Thirty Sixth Sovereign Debt News Update: IFIs, Paris Club and Africa’s Debt Dynamics

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December 5, 2021

Following the recent military takeover which the President of World Bank notes may impact the country’s social and economic recovery and development, the World bank has suspended the provision of aid to Sudan. This developments came shortly after the World Bank and IMF granted Sudan debt relief under the Heavily Indebted Poor Countries Initiative in June.

The Kenyan government has taken up the fifth sovereign bond in the last seven years targeting KSh 105. 6 billion ($940 million) in the next fiscal year and this is likely to include the government’s first green bond. The treasury noted that tapping into green financing through its first sovereign green bond which will be geared towards financing green and climate-related projects and programmes is in recognition of the serious threats posed by climate change. However, considering how proceeds from previous Eurobonds have been expended, it is doubtful that funds get disbursed in accordance with what they were initially earmarked for.

In assisting with Tanzania’s substantial challenges with COVID-19 pandemic, the International Monetary Fund (IMF) has approved $372.4 million as emergency financial assistance under the Rapid Credit Facility program. The hope is that the financing will help Tanzania’s urgent balance of payment needs and provide concessional resources to mitigate the socio-economic impact of the pandemic.

In effecting a conversion of debt to development program, the authorities of Côte d’Ivoire signed a new debt reduction and development contract with France on Wednesday, October 27, 2021 in Paris, France. The contract has the implication of converting 1.14 billion Euros ($1.28 billion) worth of bilateral debts owed to France by Côte d’Ivoire into grants.

In line with the Debt Service Suspension Initiative, France has agreed on a new moratorium for 5.9 million Euros ($6.6 million) out of Burkina Faso’s bilateral debts. This would mark the fourth moratorium extension after an initial extension for the payment of a 5.8 million Euros ($6.5 million) and two subsequent ones in the sum of 5.9 million Euros ($6.6 million). Apart from this most recent extension, Burkina Faso has received the extension of over 17 million Euros worth of debt service, and World Bank estimates this to have impacted the economic potential of the country by 0.2% of its GDP.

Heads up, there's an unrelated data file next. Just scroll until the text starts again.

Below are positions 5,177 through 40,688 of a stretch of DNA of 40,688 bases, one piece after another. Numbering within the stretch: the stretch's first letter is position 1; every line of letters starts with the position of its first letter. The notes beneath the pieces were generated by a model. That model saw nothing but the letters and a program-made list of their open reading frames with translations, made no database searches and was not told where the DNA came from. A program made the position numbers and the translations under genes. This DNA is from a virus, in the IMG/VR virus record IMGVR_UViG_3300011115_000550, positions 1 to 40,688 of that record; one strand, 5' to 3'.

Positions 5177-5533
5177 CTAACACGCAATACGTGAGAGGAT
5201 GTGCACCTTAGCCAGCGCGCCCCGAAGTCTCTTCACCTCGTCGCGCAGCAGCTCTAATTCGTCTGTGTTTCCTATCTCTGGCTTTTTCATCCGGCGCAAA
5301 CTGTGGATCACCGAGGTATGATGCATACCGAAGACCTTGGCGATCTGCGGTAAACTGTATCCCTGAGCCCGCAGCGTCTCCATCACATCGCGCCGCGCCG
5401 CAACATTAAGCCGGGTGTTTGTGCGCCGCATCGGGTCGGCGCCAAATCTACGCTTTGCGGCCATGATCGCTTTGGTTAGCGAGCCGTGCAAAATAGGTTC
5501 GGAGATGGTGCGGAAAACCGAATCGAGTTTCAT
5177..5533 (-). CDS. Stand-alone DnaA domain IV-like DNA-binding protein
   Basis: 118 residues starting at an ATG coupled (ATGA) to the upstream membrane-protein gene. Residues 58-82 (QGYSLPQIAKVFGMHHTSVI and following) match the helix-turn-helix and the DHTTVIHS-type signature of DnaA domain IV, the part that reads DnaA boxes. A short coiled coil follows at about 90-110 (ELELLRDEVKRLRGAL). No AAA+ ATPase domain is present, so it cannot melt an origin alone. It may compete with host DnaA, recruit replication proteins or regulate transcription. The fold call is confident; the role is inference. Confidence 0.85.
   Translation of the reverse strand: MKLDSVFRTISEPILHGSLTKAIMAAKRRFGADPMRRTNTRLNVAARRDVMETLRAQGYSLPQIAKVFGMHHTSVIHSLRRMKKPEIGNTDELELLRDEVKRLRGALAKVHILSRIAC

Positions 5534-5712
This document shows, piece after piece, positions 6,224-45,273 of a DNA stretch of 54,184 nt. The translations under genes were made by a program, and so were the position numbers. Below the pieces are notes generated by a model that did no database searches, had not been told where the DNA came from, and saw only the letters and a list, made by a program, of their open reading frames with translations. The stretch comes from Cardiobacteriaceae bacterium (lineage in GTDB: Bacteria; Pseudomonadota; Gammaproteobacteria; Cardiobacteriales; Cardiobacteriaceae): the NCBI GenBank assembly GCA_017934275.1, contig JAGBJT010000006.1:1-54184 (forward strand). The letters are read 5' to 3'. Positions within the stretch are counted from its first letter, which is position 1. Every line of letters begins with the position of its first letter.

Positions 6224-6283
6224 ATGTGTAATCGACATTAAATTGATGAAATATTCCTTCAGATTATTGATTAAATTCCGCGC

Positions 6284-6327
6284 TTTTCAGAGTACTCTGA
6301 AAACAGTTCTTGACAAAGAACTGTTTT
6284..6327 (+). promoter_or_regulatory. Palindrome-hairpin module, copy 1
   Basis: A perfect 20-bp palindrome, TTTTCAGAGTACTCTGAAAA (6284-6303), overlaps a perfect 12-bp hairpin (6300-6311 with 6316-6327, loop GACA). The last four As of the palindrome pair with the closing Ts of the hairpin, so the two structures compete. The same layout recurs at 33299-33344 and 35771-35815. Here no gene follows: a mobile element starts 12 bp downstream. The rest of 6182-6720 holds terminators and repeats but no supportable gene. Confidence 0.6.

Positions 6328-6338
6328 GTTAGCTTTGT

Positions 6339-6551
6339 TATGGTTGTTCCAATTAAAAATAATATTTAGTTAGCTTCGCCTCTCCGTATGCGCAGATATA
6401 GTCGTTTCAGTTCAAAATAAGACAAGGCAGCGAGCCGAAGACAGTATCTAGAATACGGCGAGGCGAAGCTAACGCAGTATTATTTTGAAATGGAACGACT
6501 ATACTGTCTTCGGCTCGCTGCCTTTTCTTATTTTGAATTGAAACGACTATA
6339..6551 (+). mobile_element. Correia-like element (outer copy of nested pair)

The International Monetary Fund has noted that it will not be offering financial support to Zimbabwe because of its unsustainable debts and official external arrears. While recognizing the Zimbabwean authorities’ efforts at containing inflationary pressures, the IMF noted that the country’s debt problems remain an impediment to its eligibility for any aid program. Meanwhile, IMF continues with its Article IV consultation in Zimbabwe the latest of which was completed on Tuesday, November 16, 2021. Its current external debts in the sum of $10.5 billion is owed to a number of international financial institutions including the Paris Club, African Development Bank and World Bank, although the servicing of the debts to Paris Club members is underway with the payment of $3.78 billion.

Ghana’s total revenue and grants for 2022 is projected to be 100.5 billion cedis ($16.4 billion), while its expenditure is projected to be 137.5 billion cedis ($22.36 billion), a 23% increase from 2021 figures. Identifying the deficit in its budget, the Ghanaian finance minister noted the need for government to boost revenue and rationalize expenditure in order to have the country judiciously work its way out of its debt situation.